By Kathy Bancroft
Lone Pine, California, the town where I was born and have lived all my life, sits in the valley by Conglomerate Mesa a mile from Death Valley National Park. I call the place Payahuunadü, meaning “land of flowing water.” The Mesa hosts a vibrant, beautiful and productive ecosystem of rare and unique desert plants, as well as culturally sensitive and archeologically significant artifacts. Returning to the Mesa, I am thrown back to my childhood, gathering pinyon nuts, listening to my relatives share our stories, and performing traditional rituals.
Conglomerate Mesa is the traditional homeland of my people, the Nüümü (Paiute) and Newe (Shoshone). This includes over 20,000 acres of public lands filled with natural beauty and wildlife. For millennia, our peoples have relied on these lands for traditional cultural uses, including subsistence hunting and gathering. The Mesa is home to threatened Joshua trees, Inyo Rock Daisies, and over two dozen federally recognized threatened and endangered species. To us it is a sacred place. To others it is a beautiful place to visit and hike, camp, hunt, stargaze, or take photographs. These visitors are welcome, and an important part of our local economy.
A Canadian company, K2 Gold, wants to mine for gold on Conglomerate Mesa. They are not the first. And because the federal government interprets its rules to mean mining is the “highest and best use” of public land, our way of life gets disregarded. The General Mining Law of 1872 is a relic from the United States government’s seizure and destruction of Indigenous Peoples’ land and resources. This government must reform its mining regulations to correct this historic injustice, and ensure that mining does not occur without the free, prior, and informed consent of potentially impacted communities.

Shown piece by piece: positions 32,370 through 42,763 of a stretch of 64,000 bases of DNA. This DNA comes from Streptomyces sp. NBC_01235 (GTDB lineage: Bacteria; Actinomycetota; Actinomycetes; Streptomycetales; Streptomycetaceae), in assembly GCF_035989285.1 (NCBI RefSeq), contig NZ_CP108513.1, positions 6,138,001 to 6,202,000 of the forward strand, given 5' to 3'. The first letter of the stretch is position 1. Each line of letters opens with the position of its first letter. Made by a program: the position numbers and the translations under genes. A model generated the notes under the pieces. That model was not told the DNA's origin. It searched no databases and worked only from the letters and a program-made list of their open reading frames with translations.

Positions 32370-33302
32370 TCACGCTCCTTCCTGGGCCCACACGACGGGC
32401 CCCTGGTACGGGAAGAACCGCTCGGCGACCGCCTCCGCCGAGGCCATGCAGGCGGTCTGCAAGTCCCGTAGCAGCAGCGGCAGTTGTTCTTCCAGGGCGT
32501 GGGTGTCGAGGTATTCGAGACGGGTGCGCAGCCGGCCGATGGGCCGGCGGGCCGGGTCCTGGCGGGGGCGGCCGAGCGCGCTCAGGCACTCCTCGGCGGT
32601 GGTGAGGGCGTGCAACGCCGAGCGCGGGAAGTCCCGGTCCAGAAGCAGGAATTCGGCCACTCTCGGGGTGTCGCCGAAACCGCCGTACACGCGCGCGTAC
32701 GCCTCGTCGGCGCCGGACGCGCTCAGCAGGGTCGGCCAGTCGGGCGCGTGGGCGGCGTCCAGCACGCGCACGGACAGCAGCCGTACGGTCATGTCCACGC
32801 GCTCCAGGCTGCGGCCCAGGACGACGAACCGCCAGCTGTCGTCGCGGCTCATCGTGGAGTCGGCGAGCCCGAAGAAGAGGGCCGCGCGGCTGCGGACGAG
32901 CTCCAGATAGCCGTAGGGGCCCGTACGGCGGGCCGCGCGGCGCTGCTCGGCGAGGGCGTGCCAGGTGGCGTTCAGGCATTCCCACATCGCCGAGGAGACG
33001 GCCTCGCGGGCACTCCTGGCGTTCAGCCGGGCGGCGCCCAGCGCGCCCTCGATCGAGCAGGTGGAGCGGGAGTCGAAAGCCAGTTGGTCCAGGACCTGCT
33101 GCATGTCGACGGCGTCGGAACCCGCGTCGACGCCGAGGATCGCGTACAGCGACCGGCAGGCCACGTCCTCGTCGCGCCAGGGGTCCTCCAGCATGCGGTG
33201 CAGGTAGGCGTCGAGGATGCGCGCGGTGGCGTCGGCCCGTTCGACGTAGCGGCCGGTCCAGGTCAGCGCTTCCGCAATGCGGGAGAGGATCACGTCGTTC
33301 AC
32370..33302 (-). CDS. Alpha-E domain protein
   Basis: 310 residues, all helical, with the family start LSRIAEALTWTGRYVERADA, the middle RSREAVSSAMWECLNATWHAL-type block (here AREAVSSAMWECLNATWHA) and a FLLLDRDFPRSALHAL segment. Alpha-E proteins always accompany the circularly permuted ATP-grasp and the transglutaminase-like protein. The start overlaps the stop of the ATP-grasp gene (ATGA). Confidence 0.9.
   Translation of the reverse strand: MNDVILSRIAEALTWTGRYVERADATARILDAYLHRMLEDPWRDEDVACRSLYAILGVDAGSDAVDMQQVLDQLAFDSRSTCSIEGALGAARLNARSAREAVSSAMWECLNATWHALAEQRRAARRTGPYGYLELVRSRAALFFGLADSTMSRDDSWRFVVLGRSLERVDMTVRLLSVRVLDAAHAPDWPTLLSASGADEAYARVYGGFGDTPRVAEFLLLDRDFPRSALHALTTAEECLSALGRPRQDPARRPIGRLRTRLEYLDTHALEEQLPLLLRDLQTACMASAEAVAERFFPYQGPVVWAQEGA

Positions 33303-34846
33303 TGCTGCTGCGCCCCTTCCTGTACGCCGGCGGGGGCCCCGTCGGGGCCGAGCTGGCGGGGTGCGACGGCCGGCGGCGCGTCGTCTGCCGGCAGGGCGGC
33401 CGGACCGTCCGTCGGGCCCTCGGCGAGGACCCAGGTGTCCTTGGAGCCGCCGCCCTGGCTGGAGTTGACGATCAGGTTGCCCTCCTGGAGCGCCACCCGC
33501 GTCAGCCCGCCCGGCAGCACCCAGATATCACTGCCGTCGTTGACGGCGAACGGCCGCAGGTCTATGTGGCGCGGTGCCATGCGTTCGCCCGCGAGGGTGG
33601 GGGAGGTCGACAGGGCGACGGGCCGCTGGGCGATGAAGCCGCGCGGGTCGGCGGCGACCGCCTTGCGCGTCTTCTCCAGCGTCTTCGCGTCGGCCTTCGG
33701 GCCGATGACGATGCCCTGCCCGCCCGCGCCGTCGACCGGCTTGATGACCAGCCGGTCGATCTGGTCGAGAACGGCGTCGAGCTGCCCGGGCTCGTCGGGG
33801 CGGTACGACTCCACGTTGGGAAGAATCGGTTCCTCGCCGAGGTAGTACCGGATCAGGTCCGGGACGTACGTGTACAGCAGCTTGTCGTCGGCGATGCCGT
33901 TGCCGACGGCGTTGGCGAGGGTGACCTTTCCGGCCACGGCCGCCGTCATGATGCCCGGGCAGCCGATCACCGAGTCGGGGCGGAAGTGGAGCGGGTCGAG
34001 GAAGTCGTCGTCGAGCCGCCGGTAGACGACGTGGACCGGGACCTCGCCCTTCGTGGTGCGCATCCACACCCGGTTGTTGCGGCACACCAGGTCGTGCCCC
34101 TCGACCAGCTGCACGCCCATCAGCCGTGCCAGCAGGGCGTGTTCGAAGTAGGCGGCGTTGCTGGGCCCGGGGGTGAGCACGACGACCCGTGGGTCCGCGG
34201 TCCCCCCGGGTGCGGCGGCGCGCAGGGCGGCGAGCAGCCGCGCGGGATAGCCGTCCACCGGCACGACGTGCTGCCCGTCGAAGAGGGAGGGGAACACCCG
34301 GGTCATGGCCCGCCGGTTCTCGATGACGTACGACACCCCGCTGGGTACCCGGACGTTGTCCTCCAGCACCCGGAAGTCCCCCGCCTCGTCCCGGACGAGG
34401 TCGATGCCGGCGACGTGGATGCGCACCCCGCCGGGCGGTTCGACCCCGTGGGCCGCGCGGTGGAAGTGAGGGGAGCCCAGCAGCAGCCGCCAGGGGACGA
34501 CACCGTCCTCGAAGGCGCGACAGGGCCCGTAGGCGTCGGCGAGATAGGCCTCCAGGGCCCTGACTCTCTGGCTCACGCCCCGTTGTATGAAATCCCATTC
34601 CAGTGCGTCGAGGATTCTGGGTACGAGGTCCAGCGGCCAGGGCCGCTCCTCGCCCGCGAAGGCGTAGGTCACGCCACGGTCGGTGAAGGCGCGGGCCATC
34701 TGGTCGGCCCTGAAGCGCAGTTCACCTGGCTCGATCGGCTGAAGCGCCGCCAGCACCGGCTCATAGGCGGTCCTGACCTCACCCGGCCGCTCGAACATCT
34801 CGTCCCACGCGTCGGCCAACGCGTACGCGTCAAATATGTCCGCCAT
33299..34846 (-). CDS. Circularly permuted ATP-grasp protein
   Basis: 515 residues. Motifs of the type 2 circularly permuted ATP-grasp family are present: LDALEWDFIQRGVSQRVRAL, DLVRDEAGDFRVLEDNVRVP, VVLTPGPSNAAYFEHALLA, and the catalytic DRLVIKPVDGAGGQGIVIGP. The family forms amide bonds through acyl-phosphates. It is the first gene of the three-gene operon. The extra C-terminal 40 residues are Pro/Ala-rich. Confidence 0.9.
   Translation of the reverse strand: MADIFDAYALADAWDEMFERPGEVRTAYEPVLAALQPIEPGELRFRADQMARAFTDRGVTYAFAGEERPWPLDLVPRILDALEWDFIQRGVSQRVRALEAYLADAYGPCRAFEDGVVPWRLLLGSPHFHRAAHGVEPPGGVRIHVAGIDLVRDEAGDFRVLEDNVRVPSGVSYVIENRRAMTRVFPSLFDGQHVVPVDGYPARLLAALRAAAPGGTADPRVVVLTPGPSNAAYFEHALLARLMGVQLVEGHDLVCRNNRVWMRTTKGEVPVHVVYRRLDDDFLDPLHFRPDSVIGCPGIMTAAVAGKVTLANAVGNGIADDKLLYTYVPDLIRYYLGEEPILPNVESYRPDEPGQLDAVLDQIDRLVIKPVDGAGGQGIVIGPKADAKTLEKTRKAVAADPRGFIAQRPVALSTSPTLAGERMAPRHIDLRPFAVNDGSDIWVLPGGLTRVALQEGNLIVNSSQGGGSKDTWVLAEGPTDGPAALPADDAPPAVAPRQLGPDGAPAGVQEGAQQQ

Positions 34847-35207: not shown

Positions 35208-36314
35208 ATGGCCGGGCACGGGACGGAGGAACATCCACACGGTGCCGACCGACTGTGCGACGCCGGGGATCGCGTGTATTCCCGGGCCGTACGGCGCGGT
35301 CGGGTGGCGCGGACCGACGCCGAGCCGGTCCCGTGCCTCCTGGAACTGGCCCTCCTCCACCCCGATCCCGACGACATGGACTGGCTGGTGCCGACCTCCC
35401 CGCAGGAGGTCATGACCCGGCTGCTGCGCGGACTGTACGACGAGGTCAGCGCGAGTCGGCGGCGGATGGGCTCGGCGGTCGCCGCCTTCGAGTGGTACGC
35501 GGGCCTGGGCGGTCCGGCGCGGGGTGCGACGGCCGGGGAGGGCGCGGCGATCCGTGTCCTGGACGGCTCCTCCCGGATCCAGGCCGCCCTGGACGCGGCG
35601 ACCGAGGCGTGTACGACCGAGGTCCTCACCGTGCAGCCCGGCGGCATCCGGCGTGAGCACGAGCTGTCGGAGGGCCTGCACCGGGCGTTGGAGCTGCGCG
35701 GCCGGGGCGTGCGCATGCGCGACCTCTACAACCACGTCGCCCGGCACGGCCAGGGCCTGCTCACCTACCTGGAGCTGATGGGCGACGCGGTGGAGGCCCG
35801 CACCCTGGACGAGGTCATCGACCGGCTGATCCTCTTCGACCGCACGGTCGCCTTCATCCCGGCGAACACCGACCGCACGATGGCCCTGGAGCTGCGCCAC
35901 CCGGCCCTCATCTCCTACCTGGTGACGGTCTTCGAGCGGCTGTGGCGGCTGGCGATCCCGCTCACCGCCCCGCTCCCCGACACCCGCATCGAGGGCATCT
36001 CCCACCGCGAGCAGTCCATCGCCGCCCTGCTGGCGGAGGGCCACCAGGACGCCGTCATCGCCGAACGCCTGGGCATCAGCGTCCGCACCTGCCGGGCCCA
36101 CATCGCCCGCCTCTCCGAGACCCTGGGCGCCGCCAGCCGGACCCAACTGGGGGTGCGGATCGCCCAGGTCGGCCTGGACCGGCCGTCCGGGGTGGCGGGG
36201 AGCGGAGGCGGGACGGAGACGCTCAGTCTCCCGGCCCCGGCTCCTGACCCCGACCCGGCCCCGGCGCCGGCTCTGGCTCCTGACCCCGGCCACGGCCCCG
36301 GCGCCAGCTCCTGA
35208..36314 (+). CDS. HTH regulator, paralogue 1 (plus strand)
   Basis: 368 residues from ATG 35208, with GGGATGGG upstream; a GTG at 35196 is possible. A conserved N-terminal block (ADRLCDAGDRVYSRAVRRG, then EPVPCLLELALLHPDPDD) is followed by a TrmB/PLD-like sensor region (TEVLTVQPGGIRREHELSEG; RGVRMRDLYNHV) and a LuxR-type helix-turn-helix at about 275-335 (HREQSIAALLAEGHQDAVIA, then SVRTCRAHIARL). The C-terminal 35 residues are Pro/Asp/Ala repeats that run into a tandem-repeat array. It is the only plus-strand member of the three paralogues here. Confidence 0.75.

So far K2 Gold has done nothing to convince us that they adequately respect this land. The company has ignored our concerns and suggestions to avoid causing irreparable harm. Their promises ring hollow, and we will stand in the way of any future exploration or mining project.
That process can begin with the Department of Interior under the leadership of Secretary Deb Haaland. As a Laguna Pueblo woman, Ms. Haaland understands what it means to have a spiritual connection to the land. She understands the legacy impacts of mining carried out by the United States government against Indigenous peoples. That toxic legacy persists in the bodies of more than 25% of Navajo women and infants, according to a recent University of New Mexico survey.
History has taught us to be skeptical of companies coming into our communities with grand promises of jobs and prosperity in exchange for exploiting our natural resources. Too often such companies take the wealth from the land and leave the mess. Communities across the country are living with pollution from mining, and taxpayers—not those responsible for the pollution—too often paying for cleanup.
American taxpayers shoulder an enormous financial burden from hardrock mining. Metal mining is the nation’s largest toxic polluter, responsible for polluting 40 percent of the headwaters of western watersheds. And unlike coal miners, hardrock miners pay no reclamation fee, leaving taxpayers a multibillion dollar cleanup bill for 500,000 abandoned hardrock mines. We need to hold the mining industry accountable for its pollution to protect communities, save taxpayer dollars, and create jobs cleaning up old mines. Thanks to the leadership of New Mexico’s Senator Heinrich, the Senate’s bipartisan infrastructure bill includes funding for a new $3 billion abandoned mine cleanup program.
It’s a step in the right direction. On August 30, the U.S. Department of Interior closes their scoping comment period for K2 Gold’s proposed mining activities. Now and going forward, I and other Indigenous leaders will continue to make the case for reforming the archaic 1872 Mining Law.
Yet we cannot wait for Congress. It is within Secretary Haaland’s power to require more meaningful Tribal consultation and deny mines that would destroy our resources. As part of the Build Back Better plan, the Biden-Harris administration must source minerals more responsibly by strengthening mining oversight and tribal consultation. Industrial-scale mining should not trump other important land uses, such as sacred and cultural site protection, drinking water supplies, conservation and tourism.
I wish for the next generation of Lone Pine children to feel genuinely seen by the United States government in a way that I, and our ancestors, have never been: to know our history is recognized, and that our values are reflected in the decisions that affect our land.
Kathy Bancroft is the Tribal Historic Preservation Officer of the Lone Pine Paiute Shoshone Tribe. She lives in Lone Pine, California.